September 20, 2020

AQUITTED (AGAIN!) Justice has been done says MLA Dwayne Seymore

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The assault trial of Bodden Town MLA Dwayne Seymour ended as quickly as it began yesterday when government prosecutors offered no evidence and Magistrate Nova Hall dismissed the case.

Appearing for the crown, prosecutor John Masters said the public interest would not be served by proceeding with the charges against Mr Seymour and co-defendant Joseph Minzett, pointing out that the MLA had been acquitted in May in a similar case, using similar evidence.

“He was originally tried in Grand Court for perverting the course of justice,” Mr Masters told Magistrate Hall. “Because this was a category three offence, it was severed from that case, to be tried separately.”

Saying it was not Mr Seymour’s fault the two cases have been separated, however, Mr Masters said that, while the assault charges “passed the evidential test”, satisfying the crown on one hand, “we must consider the public interest aspect”.

“The public interest would not be served because of the costs involved, getting witnesses here and putting them up. It is no longer in the public interest to pursue the common assault charges, and we are not prepared to run on that basis. We will offer no evidence today,” he said.

Seymour lawyer Steve McField, who gained the May acquittal for the MLA after a highly charged, highly controversial closing argument, thanked Mr Masters and the court.

“I am grateful to [Mr Masters] because this is the most sensible course. The great interest in this case was simply that Dwayne Seymour is a member of the Legislative Assembly. I appreciate this sensible choice,” Mr McField told the court.

Speaking after Ms Hall discharged the case, Mr Seymour told iNews he was gratified at the outcome.

“I feel justice has been done,” he said. “It was the most sensible thing to do, especially with the first part of the case being not guilty for me. The evidence here was chosen from that trial and it was very clear I was not guilty, so this was the most sensible thing to do.”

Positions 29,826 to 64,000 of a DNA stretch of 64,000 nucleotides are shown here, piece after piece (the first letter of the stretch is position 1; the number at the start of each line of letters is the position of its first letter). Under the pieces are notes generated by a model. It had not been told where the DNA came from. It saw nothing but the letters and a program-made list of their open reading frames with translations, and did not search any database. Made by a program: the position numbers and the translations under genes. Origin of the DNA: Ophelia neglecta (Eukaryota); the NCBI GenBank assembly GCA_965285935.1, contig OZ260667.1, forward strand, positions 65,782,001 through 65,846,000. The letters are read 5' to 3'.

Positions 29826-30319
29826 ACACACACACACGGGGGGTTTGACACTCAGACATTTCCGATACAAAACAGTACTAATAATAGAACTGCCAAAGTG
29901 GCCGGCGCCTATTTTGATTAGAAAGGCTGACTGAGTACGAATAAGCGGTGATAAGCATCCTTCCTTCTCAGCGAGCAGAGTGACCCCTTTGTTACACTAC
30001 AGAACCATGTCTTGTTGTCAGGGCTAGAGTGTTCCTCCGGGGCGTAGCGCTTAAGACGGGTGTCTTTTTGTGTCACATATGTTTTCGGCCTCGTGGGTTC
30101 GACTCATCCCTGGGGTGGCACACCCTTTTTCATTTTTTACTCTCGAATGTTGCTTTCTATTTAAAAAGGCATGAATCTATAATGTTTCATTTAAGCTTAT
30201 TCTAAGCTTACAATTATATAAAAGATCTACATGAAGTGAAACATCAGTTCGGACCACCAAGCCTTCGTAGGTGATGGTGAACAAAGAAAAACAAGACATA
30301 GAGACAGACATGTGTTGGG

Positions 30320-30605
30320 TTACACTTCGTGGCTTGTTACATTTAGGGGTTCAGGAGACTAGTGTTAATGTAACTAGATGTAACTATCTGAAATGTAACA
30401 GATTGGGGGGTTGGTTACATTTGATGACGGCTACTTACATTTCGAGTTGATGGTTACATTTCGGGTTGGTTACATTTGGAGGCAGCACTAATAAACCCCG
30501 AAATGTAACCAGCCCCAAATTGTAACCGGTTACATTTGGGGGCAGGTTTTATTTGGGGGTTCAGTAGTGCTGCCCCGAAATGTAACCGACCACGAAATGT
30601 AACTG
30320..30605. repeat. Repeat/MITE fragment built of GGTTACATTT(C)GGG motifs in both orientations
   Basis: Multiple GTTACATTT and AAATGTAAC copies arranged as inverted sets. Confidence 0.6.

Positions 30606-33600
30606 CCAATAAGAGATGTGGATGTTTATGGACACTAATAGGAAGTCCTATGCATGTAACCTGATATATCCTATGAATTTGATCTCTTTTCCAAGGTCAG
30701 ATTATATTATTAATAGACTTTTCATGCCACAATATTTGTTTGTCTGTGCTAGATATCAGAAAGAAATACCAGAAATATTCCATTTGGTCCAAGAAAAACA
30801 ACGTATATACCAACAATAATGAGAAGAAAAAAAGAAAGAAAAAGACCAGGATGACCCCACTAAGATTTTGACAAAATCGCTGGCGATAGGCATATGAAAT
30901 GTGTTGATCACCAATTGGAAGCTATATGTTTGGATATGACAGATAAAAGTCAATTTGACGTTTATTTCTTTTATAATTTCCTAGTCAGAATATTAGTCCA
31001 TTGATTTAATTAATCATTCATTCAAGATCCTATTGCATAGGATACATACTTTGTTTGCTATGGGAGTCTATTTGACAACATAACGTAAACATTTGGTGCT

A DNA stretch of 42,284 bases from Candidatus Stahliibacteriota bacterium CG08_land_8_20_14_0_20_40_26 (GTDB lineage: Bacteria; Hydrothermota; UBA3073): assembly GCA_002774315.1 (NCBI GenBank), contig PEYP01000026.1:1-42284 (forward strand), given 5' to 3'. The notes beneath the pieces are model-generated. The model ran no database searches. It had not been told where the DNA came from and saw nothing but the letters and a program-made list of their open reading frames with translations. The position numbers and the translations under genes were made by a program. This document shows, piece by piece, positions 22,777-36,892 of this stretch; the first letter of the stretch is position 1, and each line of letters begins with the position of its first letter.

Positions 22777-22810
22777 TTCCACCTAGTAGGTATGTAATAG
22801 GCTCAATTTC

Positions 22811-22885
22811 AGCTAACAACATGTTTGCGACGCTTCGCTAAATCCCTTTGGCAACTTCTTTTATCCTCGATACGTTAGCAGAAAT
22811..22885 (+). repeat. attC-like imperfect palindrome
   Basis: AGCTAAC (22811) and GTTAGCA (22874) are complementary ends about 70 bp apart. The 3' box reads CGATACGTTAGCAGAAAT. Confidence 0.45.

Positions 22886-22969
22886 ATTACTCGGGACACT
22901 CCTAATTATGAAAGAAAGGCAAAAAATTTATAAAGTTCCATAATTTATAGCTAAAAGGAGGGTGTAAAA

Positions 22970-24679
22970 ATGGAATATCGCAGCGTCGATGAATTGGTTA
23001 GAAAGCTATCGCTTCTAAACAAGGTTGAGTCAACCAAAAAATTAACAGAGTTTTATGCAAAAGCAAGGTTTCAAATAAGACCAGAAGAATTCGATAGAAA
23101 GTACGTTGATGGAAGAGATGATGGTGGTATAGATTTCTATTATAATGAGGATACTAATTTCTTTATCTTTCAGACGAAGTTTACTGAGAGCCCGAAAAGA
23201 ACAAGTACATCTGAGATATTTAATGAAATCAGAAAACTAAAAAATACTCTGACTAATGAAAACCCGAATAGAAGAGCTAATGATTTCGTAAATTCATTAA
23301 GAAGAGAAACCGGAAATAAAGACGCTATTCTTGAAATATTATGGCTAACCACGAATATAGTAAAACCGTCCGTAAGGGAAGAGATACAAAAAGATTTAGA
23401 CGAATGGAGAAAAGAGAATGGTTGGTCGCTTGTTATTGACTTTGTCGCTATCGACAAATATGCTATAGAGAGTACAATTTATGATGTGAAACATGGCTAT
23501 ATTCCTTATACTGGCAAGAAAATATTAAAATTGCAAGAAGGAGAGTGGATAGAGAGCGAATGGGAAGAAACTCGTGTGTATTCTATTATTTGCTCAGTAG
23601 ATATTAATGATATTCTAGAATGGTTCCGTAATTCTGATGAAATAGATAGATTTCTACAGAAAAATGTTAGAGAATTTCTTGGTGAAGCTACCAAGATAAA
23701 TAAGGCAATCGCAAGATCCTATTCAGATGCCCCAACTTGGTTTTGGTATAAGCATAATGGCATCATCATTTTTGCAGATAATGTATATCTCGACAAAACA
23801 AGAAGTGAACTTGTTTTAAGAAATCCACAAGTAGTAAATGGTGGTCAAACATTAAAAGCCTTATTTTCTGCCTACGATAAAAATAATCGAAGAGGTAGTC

Director Of Public Prosecutions Cheryll Richards underlined that the case against Mr Seymour and Mr Minzett had not been discontinued for lack of legal foundation.

“The decision not to continue with the prosecution should not be construed to mean that the crown has formed an adverse view about the quality of its case against either accused. I reiterate that the crown does not consider issues of public interest unless the evidential test has been satisfied,”” she wrote to Seymour legal consultants Facey-Clarke & Associates,

She rejected lawyer Margeta Facey-Clarke’s claim, however, that to proceed would have been “an abuse of process”.

“Having considered the authorities,” Ms Richards wrote, “I am comfortable there would be no abuse of process to continue with the prosecution. “The crown,” she concluded, “is of the view that it would no longer be in the public interest to continue with the prosecution”

In May, after a weeklong trial prosecuted by Mr Masters, a jury found Mr Seymour innocent of obstructing the course of justice in the wake of a fistfight outside the Grand Cayman Beach Suites. The crown had accused him of ordering hotel personnel not to speak to authorities about the fight between himself and love rival, Miami-based fitness instructor Garrone Yap, suspected of having an affair with Mr Seymour’s wife.

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